Produced by Lyons at The Space Station in Athens, CHANGE is as bold as anything in Wilson’s groundbreaking four decade canon, melding future pop, disco drama, American standards, electronica, and more into her own distinctive creative vision. New songs like “Mystic” and the transformative title track are intricate and inventive, lush and luminous with strings, synthesizers, harmonies, and Wilson’s utterly distinct vocal magic.


“Our sound is both consistent and still evolving,” Wilson says. “All these ingredients come together from left field to create something really interesting.”


Further album highlights include a pair of unexpected covers: a widescreen orchestral rendition of New Colony Six’s soft rock classic, “Things I’d Like to Say,” and “Brother,” written and originally performed by Athens’ own beloved Oh-OK.


“We played a show, Athens musicians playing songs by other Athens bands,” Wilson says. “We did an R.E.M. song, a Pylon song, and ‘Brother’ by Oh-OK, which turned out so great we decided it had to be on record. It hits you over the head; it’s an interesting texture. It brings the album home I think.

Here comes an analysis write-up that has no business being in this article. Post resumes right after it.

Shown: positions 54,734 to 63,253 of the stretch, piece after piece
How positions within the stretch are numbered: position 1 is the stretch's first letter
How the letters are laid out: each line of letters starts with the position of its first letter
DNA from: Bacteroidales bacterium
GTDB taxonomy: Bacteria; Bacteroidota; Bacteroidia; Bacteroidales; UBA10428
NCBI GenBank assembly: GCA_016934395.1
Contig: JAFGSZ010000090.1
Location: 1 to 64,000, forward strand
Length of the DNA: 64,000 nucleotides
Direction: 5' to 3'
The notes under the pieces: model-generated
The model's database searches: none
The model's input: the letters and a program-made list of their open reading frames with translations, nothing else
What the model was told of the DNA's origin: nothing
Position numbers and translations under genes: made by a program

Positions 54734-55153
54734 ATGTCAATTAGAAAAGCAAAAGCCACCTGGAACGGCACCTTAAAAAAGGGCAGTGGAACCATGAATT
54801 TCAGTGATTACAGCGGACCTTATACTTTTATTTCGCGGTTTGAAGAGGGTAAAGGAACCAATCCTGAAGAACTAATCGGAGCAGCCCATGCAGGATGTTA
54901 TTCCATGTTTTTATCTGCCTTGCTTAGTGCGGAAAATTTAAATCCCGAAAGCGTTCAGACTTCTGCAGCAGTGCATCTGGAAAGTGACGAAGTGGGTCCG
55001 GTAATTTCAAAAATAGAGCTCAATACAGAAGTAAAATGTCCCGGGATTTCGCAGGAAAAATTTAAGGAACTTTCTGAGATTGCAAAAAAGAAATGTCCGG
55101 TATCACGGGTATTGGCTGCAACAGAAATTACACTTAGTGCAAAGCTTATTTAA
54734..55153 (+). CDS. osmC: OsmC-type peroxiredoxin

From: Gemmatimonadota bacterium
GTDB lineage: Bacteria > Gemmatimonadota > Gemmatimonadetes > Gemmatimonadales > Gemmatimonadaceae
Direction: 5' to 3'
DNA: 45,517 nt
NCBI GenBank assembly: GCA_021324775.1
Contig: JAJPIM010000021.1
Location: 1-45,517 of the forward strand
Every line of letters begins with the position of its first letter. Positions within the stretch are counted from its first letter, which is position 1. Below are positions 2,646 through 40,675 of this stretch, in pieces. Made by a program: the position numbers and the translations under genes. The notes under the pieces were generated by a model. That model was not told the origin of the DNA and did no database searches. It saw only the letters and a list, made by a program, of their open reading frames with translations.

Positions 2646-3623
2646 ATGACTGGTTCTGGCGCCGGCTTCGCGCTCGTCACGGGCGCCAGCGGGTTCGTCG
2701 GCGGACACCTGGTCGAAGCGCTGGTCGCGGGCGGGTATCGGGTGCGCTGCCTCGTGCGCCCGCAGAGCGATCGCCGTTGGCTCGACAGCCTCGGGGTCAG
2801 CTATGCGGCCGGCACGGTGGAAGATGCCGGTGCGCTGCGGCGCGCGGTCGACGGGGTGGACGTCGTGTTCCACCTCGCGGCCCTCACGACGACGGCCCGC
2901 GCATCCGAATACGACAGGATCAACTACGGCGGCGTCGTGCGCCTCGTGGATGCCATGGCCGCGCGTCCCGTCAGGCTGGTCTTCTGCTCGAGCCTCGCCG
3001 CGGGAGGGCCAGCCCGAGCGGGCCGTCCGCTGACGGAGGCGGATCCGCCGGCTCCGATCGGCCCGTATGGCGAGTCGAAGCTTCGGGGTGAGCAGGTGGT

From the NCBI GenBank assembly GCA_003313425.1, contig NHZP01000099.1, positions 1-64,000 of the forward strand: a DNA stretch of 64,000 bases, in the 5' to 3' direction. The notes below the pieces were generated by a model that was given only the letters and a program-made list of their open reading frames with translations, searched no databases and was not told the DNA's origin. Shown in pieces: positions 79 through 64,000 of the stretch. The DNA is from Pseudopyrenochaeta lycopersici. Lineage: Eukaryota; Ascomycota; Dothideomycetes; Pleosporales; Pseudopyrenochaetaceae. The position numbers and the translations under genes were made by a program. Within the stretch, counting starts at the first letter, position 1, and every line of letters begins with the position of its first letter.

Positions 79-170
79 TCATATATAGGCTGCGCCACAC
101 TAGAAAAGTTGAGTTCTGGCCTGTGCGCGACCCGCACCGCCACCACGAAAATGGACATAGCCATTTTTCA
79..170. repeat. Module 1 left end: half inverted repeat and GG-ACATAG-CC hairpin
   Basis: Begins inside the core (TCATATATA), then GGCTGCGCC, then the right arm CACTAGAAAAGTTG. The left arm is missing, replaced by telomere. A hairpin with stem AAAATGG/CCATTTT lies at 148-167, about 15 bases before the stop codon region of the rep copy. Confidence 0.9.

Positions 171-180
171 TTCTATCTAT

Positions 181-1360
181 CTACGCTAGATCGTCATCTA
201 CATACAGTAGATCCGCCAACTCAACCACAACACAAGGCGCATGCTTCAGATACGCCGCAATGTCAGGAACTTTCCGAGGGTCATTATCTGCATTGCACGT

Though she is fast to praise her musical partners’ contributions, the center of CHANGE is Wilson’s instantly identifiable voice, as radiantly human as anything in her prior work only now being showcased in heretofore-unprecedented fashion.


“My voice is very rustic,” she says with a smile. “It has a realness that I hope comes through.”

A veteran of one of pop’s most consistently entertaining live acts, Wilson is heralding CHANGE with an unprecedented multimedia concert tour. Merging conceptual structure, unique visuals, and kicked off in March with SXSW, Wilson and her bandmates are touring the US (in a van, it should be mentioned).


“The show is totally different from anything I’ve done before,” Wilson says. “It has an incredible flow, from beginning to end. The great thing about touring a show like this is you can solve problems and tweak things as you go along.”


With CHANGE, Cindy Wilson has once again remade pop in her own innovative, irresistible image. Excited and energized by the experience, the iconic artist is already looking forward to her next evolution.


“Everyone has other bands, other jobs,” Wilson says. “I’ve got the B-52s’ fortieth anniversary, there’s a lot going on with that. At the same time, I’m very committed to this record and continuing to perform with these guys. We’re trying to go into the studio at least once a month, to continue working creatively and keep the songs coming. We’re still experimenting, still growing, but it retains a certain sound. I feel very comfortable in this band. I’m loving it."